Friday, March 26, 2010

Book Review

"A Year in the Merde" by Stephen Clarke
My grade: A-

This book is very funny, at (many) moments laugh-out-loud hilarious. It is about a British guy, living and working in Paris for a year. He has an excellent sense of humor! Clarke seems to capture a lot of the essence of the French culture, among others. Needless to say, he makes A LOT of exaggerations, but there are many truths in the book, as well. If nothing else, it's a fun fast-read.

I do have to mention, though, that I liked the book at the beginning much more than I did as I kept reading it. I was asking myself why. I think my problem with it, is that as I got to know the main character, Paul (not sure why he goes by Paul, if the author's name is Stephen), I liked him less and less. I'm afraid his sense of humor doesn't even come close to compensating for many other negative qualities, but that shouldn't necessarily take away from the enjoyment of reading the book. We don't have to live with the guy!

Tuesday, March 23, 2010

Book Review

"The Book Thief" by Markus Zusak
My grade: B

When I bought this book, I didn't exactly know (or perhaps I have forgotten in the meantime) that this was another Holocaust novel. As probably the majority of us out there, I have read way too many of these, especially lately, and wasn't too keen on divulging into another one. And rightfully so: this book (as ALL Holocaust books) is not for the light of heart.

Aside from the story line, which I'm sure you at least have an idea of, stylistic twists are likewise present. In my opinion, though, they do not live up to their full potential. This novel is narrated by death itself - I love the concept - but Zusak doesn't take advantage of this fully. Most of the time, the reader forgets that death has anything to do with this, and the narrator could be absolutely anybody - fly on the wall, third-person omniscient, my grandmother. Likewise, Zusak tries to give death a kind of personality, and in my opinion fails. He doesn't stay true to character (death, I mean) and in the end, is by and large a flop.

Additionally, what I think Zusak tries to do is poke fun at, essentially, thrillers and working up the tension in novels, in general. I had a huge problem with this: a novel such as this, a Holocaust novel, is no place to poke fun at anything, really. One can definitely sense Zusak's attempt at lightheartedness, especially in the beginning, and his sense of humor, but I wish he had chosen a different subject, then, to display all of his talents.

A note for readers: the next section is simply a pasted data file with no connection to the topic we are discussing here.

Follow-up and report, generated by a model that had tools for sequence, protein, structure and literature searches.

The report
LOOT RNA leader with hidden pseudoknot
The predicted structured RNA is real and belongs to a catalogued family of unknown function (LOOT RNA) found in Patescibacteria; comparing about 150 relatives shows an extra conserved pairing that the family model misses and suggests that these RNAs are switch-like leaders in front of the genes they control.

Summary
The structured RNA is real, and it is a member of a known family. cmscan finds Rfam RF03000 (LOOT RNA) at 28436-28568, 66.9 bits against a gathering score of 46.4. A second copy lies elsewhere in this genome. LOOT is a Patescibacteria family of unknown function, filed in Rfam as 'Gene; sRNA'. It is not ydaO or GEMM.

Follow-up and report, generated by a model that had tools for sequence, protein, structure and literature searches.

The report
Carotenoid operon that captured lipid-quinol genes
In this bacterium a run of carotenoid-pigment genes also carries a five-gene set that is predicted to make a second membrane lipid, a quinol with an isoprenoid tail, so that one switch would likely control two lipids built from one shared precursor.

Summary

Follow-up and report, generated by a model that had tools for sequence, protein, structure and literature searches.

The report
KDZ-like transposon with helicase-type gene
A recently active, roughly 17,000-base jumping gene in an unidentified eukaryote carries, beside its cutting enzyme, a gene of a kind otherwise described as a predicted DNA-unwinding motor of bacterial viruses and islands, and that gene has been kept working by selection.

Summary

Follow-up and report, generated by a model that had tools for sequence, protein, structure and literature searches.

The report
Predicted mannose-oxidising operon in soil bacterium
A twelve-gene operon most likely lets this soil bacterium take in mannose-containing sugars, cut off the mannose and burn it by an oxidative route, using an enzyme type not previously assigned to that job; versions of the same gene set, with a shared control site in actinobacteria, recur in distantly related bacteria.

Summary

Sunday, March 21, 2010

Let the blog tour begin!

I am honored to have the opportunity to host a blog tour for the very smart and unique novel, "Resolution 786", written by Mohamed Mughal. Mohamed will be 'joining' us for the next three days, where he will answer up to three questions posted by you, the readers, about the novel and his writing approaches. As promised, the first person to post a question receives a free autographed copy of the book.

I'm very excited to have some thought-provoking discussions, and see what new light Mohamed can shed on his literary works and ways!

I hereby declare the blog tour open.

Thursday, March 18, 2010

Book Review

"The Glass Castle" by Jeannette Walls
My grade: A-

This is quite a memoir, of a life that is definitely not common. It's amazing what kind of circumstances Jeannette and her siblings grew up in, and still turned out decent. The parents are also quite extraordinary people. On the one hand, they are criminals for what they put their children through and the criminal activity they occasionally engaged in. On the other hand, though, they also have some redeeming qualities to them, especially the father, making it impossible to completely hate them.

I was at first really put off by the lack of emotion that seems to be Walls' style. Throughout the novel, though, I found that it was in fact quite emotional and powerful, in her own way. Walls is who she is, after the life that she has lived.